print("To correctly organize the scene, we used an Entity-Component-System approach. Every object that exists in the scene is an Entity. An entity can have one or more Components, different from each other, that represent the different capabilities of the entity (for example: a TransformComponent allow the entity to have a position in space, an AnimationComponent allow the component to perform animations, etc.). The actual implementation is enclosed into the various Systems, but the user cannot use them directly and must invoke their logic through the components. This allows the user to abstract the logic by simply assigning the right component to the entities and still obtain the full performance of a centralized logic handling.")

[COLLADA file parsing]
print("In order to manage a scene, the scene must be created first. Seeing that a number of commercial software exist for 3D modeling we decided not to include a proprietary editor, and instead we support the parsing of Collada files, that almost every software is able to produce, in order to import scene geometry, materials and animations before the rendering. This will be expanded in further release, by supporting more file formats.")

[Assisted Memory Management]
print("A performance bottleneck in all software application is the memory management: every time a program request additional memory to the Operating System it has to wait for the new memory to be assigned before it can go on.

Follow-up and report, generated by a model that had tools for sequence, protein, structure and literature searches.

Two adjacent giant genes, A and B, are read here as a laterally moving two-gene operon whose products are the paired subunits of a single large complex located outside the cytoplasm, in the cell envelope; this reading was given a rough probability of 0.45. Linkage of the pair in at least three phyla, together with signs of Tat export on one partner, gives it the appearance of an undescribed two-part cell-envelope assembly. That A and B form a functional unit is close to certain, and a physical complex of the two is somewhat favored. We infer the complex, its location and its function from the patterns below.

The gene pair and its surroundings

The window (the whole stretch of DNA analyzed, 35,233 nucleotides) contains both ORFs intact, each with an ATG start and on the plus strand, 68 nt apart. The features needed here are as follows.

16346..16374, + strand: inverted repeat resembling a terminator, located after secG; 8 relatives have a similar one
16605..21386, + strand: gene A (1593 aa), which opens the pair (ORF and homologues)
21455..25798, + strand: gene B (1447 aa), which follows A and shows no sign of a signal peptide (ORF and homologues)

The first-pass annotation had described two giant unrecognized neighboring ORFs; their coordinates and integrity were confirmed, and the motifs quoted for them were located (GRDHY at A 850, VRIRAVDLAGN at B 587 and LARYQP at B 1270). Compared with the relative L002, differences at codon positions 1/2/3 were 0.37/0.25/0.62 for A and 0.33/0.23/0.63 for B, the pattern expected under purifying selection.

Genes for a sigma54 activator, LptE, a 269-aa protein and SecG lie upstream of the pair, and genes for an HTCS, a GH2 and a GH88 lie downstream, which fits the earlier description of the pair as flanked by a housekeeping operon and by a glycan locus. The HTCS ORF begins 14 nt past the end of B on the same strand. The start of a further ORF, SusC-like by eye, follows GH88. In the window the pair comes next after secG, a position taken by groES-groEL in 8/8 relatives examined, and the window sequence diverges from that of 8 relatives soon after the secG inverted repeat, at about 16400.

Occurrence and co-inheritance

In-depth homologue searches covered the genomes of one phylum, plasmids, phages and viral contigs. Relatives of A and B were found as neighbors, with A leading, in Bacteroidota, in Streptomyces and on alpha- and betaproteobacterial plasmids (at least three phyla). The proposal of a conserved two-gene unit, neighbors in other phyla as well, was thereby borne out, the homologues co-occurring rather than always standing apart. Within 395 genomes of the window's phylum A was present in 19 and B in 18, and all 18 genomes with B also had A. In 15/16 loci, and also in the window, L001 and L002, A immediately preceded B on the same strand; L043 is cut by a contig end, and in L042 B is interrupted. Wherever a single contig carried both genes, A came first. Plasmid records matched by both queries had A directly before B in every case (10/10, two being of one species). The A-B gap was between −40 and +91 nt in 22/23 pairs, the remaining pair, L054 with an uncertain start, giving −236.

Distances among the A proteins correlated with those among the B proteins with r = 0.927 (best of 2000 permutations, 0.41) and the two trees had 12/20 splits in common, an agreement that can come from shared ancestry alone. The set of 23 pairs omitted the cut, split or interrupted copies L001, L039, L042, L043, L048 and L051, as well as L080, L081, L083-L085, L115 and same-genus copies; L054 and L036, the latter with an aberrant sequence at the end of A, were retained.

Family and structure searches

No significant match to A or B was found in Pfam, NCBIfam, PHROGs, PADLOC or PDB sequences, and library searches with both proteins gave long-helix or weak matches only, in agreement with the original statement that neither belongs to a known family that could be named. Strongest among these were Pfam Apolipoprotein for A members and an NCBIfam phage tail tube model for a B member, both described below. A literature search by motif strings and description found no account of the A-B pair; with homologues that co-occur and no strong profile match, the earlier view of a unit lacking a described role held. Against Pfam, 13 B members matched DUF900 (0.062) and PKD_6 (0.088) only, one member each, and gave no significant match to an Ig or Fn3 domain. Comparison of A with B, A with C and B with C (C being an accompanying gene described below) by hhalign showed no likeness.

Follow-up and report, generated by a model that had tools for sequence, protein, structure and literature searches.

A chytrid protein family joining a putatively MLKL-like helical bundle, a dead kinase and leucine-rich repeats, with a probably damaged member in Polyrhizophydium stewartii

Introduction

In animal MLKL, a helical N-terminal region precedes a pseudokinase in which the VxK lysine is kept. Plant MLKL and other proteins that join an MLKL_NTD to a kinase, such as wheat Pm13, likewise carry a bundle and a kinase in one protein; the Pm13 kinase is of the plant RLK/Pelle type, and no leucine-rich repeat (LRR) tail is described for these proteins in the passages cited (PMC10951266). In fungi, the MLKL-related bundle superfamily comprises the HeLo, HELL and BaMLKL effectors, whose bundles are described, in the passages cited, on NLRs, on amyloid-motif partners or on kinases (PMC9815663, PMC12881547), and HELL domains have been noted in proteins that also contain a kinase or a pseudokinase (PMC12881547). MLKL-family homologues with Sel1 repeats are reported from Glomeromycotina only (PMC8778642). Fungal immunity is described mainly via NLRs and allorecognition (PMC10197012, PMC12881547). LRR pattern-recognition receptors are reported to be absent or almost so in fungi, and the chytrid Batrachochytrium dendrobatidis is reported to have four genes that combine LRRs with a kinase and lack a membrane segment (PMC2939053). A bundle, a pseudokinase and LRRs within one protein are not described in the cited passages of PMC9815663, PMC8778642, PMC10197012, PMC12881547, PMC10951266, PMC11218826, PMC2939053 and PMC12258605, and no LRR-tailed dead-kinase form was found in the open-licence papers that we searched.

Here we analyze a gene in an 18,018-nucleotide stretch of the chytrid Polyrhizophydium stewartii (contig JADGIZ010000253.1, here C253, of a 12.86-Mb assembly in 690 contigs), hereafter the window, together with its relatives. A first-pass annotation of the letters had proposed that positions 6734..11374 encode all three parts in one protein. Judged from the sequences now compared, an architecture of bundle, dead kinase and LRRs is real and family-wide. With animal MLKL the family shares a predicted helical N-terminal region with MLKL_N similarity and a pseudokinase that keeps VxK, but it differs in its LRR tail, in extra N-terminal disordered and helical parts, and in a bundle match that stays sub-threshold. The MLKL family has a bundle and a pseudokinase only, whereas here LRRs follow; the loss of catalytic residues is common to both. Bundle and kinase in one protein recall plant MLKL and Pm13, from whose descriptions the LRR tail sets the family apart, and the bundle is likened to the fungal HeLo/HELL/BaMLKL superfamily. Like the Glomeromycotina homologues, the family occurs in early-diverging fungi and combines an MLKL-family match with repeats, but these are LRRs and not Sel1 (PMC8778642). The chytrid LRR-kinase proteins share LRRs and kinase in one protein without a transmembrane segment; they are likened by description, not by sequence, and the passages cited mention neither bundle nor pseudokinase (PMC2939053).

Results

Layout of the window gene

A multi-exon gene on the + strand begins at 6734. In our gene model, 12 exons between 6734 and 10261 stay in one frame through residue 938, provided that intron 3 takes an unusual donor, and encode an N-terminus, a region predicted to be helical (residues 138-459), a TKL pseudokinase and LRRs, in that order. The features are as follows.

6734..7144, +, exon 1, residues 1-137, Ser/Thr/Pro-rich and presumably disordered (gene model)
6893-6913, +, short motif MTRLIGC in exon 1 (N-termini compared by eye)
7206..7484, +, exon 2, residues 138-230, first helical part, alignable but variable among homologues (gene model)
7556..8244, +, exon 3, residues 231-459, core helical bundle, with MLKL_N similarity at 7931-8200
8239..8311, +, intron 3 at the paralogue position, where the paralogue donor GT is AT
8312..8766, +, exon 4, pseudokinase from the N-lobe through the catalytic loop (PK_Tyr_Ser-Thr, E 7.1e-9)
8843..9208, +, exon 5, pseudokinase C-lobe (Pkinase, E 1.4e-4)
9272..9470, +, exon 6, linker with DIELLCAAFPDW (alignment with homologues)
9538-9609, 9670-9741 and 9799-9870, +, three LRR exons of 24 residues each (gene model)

This problem can be easily addressed by requesting excess memory in advance, and manage it internally. AiW offers a suite of allocators and other tools (memory tracking, memory tagging, etc) to the user that, once combined into a MemoryArena construct, allow to a seamless memory management. Please note that to grant real-time performance, automatic Garbage Collection is not enabled: you can still be prone to memory leaking or fragmentation."

print("Today all of AiW target platforms run on hardware that includes a CPU with more than one core. The extra cores are useful to perform parallel calculations, but in order to use this parallel calculations power the algorithm itself must be written with certain criteria. AiW allows the user to write part of his logic as a job that will be scheduled into a job queue and, later, executed by a dedicated worker (i.e. a thread). By automating this mechanism we can tune the number of available worker, in order to fully exploit every CPU core with a minimum performance overhead.")

[Physic Simulation]
print("Physic simulation is an important part of a rendering engine: some animations or interactions (like a falling object, or a collision) are better when calculated real time, instead of being prepared by a specialist and then simply displayed.
However, we are aware that writing a physic library from scratch is not an easy task, and take out resources that can be used instead for our core features. The physic laws, then, will be simulated by integrating a third party library into AiW, granting a good simulation level while minimizing the impact on the project planning."